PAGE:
The Shangwei Plugin Houses are renovated houses that are hundreds of years old, left vacant and in ruins for decades as Shangwei Village suffered from heavy disinvestment. The rapid urban expansion of nearby Shenzhen engulfed villages like Shangwei, turning them into urban villages, or rural islands surrounded by a sea of new development. Half of the properties in Shangwei lay abandoned as villagers fled in search of higher standards of living in neighboring areas.
The local government, the Shangwei Village Cooperative, was interested in exploring creative ways to rehabilitate and support a budding community of local artists and craftsmen that has recently taken root. The government, with the support of the Leping Foundation and Future Plus (a local non-profit), initiated a pilot in partnership with People’s Architecture Office. The village government is legally bound to renovate uninhabitable properties where the roofs have collapsed. However, such properties are difficult to renovate because any work would affect adjacent structures. To circumvent this problem, the Plugin House leaves the original structure untouched while a new structure is built inside the existing house.
The Plugin House uses a modular building system of prefabricated panels. Structural connections are integrated into each panel so that a Plugin House can be built with unskilled labor, using one tool, in less than a day. Industrial manufacturing allows the use of high-quality materials that drastically increase energy efficiency, and economies of scale ensure the Plugin House remains inexpensive.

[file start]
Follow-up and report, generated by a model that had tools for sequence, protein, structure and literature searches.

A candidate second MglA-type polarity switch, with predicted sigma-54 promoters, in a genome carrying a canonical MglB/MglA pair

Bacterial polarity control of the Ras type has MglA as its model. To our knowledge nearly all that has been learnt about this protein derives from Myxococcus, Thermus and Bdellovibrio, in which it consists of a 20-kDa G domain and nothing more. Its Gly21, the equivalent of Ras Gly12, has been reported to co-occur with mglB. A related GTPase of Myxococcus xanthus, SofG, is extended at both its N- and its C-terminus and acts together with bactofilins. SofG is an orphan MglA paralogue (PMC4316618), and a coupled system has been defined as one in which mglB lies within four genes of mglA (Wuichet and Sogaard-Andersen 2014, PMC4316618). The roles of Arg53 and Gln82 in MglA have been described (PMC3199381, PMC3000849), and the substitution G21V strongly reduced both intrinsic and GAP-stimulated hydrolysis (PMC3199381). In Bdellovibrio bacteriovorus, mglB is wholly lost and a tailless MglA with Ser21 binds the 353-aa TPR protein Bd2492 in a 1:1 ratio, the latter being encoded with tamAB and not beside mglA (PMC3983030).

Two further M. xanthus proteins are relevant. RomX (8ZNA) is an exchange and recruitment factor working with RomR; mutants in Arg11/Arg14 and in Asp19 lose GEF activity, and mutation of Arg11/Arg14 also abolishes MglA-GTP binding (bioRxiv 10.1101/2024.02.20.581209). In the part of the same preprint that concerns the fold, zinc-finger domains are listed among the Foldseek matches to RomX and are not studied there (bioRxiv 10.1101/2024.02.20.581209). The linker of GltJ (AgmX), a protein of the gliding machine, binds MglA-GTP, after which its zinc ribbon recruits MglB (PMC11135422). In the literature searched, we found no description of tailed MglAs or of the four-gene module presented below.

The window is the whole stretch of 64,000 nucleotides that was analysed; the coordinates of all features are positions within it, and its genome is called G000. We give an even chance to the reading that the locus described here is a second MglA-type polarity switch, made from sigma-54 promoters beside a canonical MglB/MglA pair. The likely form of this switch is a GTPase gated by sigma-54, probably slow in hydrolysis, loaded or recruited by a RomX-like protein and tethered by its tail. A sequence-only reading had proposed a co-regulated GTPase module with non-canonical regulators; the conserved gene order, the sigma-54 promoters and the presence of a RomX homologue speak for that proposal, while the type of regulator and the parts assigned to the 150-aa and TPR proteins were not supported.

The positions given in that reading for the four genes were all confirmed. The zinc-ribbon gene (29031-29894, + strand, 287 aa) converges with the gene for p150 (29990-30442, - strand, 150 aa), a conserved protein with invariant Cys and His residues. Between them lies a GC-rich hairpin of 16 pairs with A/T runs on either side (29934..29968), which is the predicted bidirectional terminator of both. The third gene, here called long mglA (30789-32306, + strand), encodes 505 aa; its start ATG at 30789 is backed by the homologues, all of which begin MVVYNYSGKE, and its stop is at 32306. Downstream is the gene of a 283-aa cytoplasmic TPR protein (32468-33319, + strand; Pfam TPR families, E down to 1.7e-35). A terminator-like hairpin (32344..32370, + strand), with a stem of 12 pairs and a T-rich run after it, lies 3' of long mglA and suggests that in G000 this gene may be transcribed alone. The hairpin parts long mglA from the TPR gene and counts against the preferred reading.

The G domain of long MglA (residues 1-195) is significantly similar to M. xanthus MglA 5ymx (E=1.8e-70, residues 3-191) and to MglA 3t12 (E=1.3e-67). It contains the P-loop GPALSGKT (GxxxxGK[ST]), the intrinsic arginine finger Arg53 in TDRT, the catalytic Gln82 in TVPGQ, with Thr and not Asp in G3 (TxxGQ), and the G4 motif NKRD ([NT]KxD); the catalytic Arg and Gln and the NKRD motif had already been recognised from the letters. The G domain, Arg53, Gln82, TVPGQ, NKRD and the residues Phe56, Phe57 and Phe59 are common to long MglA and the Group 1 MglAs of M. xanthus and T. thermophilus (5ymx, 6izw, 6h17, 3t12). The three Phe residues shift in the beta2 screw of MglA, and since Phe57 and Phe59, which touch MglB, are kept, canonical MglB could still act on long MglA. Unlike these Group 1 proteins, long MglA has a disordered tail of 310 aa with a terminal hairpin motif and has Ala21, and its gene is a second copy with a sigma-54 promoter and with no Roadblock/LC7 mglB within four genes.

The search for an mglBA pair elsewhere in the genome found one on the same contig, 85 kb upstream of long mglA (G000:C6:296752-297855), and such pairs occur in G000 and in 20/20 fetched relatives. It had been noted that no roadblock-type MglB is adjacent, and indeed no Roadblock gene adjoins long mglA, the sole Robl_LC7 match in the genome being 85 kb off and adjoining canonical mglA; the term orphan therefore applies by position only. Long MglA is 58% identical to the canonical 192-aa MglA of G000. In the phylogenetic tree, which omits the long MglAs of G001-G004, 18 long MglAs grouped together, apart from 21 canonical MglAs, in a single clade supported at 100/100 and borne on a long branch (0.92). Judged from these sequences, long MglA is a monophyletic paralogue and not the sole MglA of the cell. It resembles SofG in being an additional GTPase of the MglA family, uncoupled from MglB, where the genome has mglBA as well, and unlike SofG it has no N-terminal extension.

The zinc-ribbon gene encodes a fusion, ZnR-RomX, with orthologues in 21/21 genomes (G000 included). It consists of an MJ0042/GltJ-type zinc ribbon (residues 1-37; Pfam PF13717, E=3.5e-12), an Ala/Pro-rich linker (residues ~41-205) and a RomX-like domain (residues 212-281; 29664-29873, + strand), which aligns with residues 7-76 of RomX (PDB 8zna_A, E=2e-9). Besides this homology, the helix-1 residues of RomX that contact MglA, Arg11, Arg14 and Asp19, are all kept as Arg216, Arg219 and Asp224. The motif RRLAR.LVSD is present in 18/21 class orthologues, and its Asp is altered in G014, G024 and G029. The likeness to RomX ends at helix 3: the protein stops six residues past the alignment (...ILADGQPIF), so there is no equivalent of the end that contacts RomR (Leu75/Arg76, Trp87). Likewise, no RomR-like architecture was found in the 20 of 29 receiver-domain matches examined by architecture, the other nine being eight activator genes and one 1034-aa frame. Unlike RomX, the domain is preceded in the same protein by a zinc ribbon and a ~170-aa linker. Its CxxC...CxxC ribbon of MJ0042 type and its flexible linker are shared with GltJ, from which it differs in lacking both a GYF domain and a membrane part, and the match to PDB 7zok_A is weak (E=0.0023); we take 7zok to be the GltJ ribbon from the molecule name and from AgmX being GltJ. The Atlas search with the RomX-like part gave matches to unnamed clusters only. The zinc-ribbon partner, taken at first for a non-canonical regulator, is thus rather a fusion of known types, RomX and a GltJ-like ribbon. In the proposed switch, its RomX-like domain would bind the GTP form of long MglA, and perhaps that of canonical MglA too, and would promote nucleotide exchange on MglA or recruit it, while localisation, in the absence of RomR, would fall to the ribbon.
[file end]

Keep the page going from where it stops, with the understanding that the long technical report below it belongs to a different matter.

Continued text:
Although the Plugin Panels are mass produced, each Plugin House is customized to fit its particular site. The Huang Family Plugin House fits into a tiny 15 sqm space. Because part of the original roof still remains, the Plugin House insertion acts as structural reinforcement and as a protective measure against any structural issues the original house may have. To add additional space, the bedroom is placed on a mezzanine level with a corner window that cantilevers over a collapsed wall, offering a panoramic view of the village roofline. A skylight is placed where the original roof has collapsed, inviting natural light into the deep lot. The Fang Family Plugin House is slightly larger at 20 sqm. The house features a clerestory window to bring southern light into the bedroom area at the rear of the house. For both locations, the Plugin House System raises living standards by adding efficient mini-split units for heating and cooling, modern kitchens, and off-the-grid composting toilet systems.